The forces currently shaping the European cannabis map are intriguing this spring and from several directions. For the latest developments in Europe and across the globe, there will be no better place learn and network with those leading the way, than at the International Cannabis Business Conference in Zurich with Cannatrade. In the meantime, here is a brief overview of how, where and why:
Like it or not, events in Germany are driving the discussion, agenda and overall sales forward like nowhere else. As a result, the news that the (first) German cultivation bid appears to be nearing decision time (barring its derailment in either a still-pending lawsuit or those now rumoured to be circling the final 3 decision) is a big deal. As a result, there will be some kind of cannabis cultivated auf Deutschland presumably sooner than later now.
For those unfamiliar with European healthcare, governments negotiate the prices of drugs to obtain lower prices. “Government contracts” as these are also known, are bulk purchase agreements (put out by tender bid or competitive RFP) that function to lower prices for wholesale drug purchases. This usually occurs when the patient population is over 10,000 in Germany (orphan drug territory). In the case of cannabis, this is now a pressing matter. There are an estimated 50,000 patients in Germany at present. Delayed and lack of granular data released by the insurance companies is one part of the problem but not the only one. Approvals themselves are a time consuming, expensive process that is also slowing down patient growth dramatically.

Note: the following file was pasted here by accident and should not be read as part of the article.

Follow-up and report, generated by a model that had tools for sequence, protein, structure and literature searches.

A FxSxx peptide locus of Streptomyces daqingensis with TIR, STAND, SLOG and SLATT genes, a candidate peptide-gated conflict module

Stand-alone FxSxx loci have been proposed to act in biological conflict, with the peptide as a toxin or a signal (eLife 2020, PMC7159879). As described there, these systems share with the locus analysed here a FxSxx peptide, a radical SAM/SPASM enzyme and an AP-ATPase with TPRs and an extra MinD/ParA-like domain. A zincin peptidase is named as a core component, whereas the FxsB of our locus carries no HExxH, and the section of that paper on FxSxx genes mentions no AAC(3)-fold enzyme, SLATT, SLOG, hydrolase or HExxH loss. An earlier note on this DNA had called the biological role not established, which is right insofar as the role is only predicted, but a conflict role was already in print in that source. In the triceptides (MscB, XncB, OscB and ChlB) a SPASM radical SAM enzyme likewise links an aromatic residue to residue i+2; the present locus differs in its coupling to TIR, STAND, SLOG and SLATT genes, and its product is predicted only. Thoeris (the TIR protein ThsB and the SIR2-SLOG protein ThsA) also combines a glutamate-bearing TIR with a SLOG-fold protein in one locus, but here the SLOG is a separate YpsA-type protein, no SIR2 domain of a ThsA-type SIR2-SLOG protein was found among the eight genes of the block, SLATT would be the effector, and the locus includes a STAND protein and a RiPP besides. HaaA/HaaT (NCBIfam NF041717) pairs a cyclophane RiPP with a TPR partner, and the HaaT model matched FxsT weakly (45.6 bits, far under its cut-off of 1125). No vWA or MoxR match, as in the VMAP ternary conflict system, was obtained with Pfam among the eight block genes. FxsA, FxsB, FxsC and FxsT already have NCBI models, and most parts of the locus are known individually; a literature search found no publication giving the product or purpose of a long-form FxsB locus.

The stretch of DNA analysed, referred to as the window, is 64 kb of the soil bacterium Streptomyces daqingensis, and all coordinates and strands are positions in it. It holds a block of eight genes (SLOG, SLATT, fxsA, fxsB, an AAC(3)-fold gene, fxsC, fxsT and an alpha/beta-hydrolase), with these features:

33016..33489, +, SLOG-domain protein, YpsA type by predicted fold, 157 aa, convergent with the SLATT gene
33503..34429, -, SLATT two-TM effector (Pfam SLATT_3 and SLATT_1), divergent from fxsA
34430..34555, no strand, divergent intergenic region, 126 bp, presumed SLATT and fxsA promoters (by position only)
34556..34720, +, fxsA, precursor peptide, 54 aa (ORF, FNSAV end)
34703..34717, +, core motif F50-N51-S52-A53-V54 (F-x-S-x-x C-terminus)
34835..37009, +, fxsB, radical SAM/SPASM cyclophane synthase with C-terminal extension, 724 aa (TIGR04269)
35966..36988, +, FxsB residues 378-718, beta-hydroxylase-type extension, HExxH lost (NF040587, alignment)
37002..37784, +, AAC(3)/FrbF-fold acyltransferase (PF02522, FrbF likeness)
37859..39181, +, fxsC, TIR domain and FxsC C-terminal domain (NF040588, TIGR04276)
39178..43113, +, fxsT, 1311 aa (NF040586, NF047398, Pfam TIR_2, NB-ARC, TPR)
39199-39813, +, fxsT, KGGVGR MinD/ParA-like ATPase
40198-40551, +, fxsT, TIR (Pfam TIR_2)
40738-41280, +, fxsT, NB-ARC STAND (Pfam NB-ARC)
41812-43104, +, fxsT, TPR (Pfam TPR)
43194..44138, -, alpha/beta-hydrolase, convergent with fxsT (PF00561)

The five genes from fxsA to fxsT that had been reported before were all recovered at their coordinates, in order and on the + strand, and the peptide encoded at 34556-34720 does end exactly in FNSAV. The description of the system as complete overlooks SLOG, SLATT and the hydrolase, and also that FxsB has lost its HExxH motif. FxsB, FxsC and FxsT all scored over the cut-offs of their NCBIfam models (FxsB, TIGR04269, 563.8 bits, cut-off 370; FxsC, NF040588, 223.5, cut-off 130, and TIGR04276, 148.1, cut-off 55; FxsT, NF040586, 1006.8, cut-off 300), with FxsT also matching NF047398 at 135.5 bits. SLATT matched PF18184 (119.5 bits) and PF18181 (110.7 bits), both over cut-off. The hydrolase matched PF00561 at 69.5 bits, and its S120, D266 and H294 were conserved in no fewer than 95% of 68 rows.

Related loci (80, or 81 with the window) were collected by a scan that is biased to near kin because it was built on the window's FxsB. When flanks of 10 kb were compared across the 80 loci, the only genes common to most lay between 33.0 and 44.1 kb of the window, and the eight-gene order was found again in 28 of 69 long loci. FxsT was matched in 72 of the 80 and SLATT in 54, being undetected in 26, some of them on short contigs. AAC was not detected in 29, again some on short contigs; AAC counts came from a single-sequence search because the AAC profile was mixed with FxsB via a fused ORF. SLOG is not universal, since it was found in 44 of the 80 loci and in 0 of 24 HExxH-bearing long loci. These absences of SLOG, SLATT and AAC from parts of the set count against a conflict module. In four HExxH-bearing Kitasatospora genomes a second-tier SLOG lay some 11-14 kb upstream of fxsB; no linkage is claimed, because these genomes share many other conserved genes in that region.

That said, with new cultivation pricing now becoming more or less public for the first time, the map of competition and opportunity is getting clearer than it was several years ago. And this will influence the rest of Europe.
The UK and Switzerland
The crazy Limeys may still be haggling over what kind of Brexit Lite they want (if in fact they leave at all) but events in the UK this year will have an outsized impact on what goes on across Europe from a financing perspective. The British capital markets for one are not as shy about this entire conversation as for example the Deutsche Börse. With medical markets finally inching forward all over the continent, the need is clearly in the room for capital that is a bit more aggressive than the appetite (still) in the rest of Europe, including in Germany.
Switzerland also, with its interesting position as a non-EU member and more liberal capital markets is expected to turn into a financial powerhouse for cannabis financing of all kinds.
While markets here are all far more regulated than their North American counterparts, in other words, the emergence of cannabis funds in the UK in particular, makes both countries very attractive places for the accumulation of canna friendly, Euro compliant cannabis investment specialty funds. A continental first.
Holland, Spain, Greece, Luxembourg, Italy
All these countries are moving in interesting ways on the overall debate which is sure to add depth and shade for years to come. All have varying degrees of developing markets. Luxembourg is especially interesting, witht he possibility that the small nation may beat the rest of Europe to ending cannabis prohibition.
For a more in-depth understanding of the shape of the European cannabis market this spring, be sure to attend the International Cannabis Business Conference in Zurich, a team-up hemp expo CannaTrade. Get your early-bird tickets by April 24th to save!